Posted by News Express | 17 May 2016 | 2,720 times
Depression is the leading cause of disability worldwide, and is a major contributor to the global burden of disease. More women are affected by depression than men. At its worst, depression can lead to suicide.
Depression is a common illness worldwide, with an estimated 350 million people affected.
Depression is different from the usual mood fluctuations and short-lived emotional responses to challenges in everyday life. Especially when long-lasting and with moderate or severe intensity, depression may become a serious health condition. It can cause the affected person to suffer greatly and function poorly at work, at school and in the family. At its worst, depression can lead to suicide. Suicide results in an estimated one million deaths every year.
“Depression has been called the world’s number one public health problem. In fact, depression is so widespread it is considered the common cold of psychiatric disturbances. But there is a grim difference between depression and a cold. Depression can kill you.” — David D. Burns
The gruesome statistics above, emphasises the reason why the topic I am addressing today is so important for our generation. HOW TO CONSTANTLY STAY MOTIVATED is a needed topic by any standard, especially in our generation of depressed people. Constant motivation could be a lifeline for a generation that is prone to chronic depression.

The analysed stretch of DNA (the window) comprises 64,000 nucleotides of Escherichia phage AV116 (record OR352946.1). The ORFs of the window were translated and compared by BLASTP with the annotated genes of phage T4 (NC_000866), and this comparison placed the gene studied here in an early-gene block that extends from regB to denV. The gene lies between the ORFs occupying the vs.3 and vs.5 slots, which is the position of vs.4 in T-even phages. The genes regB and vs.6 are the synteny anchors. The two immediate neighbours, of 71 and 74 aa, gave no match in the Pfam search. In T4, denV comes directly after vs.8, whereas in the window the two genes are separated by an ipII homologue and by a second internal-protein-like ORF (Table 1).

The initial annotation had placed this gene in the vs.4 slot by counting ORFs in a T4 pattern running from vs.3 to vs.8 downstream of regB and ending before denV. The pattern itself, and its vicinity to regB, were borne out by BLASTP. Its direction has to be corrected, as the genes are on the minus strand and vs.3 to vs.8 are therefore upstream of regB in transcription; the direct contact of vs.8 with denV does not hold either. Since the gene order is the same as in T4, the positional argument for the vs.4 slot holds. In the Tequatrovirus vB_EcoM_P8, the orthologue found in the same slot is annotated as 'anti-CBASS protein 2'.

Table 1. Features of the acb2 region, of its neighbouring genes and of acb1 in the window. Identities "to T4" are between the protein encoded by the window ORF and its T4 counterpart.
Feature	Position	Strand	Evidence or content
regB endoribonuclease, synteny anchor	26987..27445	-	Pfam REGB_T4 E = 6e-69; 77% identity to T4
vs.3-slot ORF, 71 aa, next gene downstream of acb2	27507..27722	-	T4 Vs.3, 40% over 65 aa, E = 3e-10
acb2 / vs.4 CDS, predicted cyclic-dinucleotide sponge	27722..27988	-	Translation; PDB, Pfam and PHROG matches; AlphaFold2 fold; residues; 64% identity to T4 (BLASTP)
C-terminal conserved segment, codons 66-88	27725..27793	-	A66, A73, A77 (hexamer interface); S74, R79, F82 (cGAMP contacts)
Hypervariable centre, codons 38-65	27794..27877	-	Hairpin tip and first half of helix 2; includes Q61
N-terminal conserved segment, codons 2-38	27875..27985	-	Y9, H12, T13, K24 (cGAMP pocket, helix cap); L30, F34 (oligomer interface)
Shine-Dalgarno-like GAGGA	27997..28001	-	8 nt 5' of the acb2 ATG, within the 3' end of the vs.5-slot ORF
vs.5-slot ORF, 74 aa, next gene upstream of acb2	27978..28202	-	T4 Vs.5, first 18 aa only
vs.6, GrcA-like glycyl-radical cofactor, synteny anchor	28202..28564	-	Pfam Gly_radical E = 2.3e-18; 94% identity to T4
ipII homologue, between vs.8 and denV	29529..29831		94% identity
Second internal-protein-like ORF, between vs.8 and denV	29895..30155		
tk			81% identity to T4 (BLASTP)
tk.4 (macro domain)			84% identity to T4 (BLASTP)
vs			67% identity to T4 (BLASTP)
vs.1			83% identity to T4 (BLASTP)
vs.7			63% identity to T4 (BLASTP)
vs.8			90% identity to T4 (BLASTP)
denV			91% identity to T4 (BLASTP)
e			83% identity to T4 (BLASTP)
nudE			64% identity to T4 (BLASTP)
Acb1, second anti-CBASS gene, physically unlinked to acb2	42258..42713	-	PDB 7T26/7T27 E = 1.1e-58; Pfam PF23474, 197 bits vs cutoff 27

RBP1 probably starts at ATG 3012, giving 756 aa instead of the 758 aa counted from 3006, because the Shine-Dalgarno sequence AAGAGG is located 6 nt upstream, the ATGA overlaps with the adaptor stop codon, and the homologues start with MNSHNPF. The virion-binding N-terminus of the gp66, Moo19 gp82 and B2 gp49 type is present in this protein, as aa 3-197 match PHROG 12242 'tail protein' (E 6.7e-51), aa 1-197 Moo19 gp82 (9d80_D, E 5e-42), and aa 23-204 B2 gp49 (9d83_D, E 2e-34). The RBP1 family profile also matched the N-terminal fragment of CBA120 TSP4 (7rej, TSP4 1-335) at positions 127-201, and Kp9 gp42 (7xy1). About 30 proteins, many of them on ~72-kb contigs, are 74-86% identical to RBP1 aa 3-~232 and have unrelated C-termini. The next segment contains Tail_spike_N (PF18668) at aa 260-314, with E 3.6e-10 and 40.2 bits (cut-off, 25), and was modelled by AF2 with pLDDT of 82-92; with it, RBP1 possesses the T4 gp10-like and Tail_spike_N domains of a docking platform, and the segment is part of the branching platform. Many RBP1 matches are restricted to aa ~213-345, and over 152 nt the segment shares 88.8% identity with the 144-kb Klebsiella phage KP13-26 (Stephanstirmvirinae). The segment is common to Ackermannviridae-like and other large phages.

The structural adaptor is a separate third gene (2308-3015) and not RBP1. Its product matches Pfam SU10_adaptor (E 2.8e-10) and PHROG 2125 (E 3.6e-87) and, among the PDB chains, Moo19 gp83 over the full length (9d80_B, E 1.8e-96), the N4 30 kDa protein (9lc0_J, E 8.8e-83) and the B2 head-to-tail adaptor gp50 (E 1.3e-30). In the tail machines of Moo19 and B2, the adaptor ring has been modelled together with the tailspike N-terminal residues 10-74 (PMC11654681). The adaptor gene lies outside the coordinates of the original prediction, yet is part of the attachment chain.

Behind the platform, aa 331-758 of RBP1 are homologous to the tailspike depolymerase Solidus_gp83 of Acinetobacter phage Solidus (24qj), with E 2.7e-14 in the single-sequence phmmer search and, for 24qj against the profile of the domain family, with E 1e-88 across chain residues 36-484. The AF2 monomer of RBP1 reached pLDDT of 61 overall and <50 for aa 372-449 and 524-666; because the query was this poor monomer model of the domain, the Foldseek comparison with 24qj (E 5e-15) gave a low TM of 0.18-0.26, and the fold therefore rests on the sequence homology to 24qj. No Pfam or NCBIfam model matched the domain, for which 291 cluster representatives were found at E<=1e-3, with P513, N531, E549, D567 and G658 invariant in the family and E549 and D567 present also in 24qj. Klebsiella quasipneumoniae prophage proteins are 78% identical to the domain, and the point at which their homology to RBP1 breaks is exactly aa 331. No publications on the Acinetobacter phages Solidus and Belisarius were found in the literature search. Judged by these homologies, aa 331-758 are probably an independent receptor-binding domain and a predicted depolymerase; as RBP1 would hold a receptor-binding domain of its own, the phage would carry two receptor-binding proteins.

If we could learn how to simply stay motivated, we could reduce the rate of depression to the tune of 50% in our nations. If we could only teach people how to get themselves motivated, we would have saved the budget of our countries billions and billions of US dollars.
Depression in America costs that society $210 billion per year, according to the newest data available, yet only 40 percent of this sum is associated with depression itself. In fact, for every dollar spent treating depression, an additional $4.70 is spent on direct and indirect costs of related illnesses, and another $1.90 is spent on a combination of reduced workplace productivity and the economic costs associated with suicide, directly linked to depression.
“Depression isn’t just being a bit sad. It’s feeling nothing, it’s nothing wanting to be alive anymore. — J. k Rowling
Teaching people to be motivated would not only save our economies from wasting a much needed financial budget. It would go beyond that. It would save millions of our citizens from diseases and other emotional and psychological torments, people in depression go through.
Self-motivation could become a major cure to the problem of mood swings. It would save people from cognitive disorder. It would save people from low energy levels. It would save people from loss of appetite and it would save people from sleeping disorders. Self-motivation would also help raise self-esteem.
As simple as the act of self-motivation is, it could actually reduce sufferings in a lot of people. If we could teach people how to keep themselves motivated, it would increase the quality of life of our people. Self-motivation would also increase the social skills of people.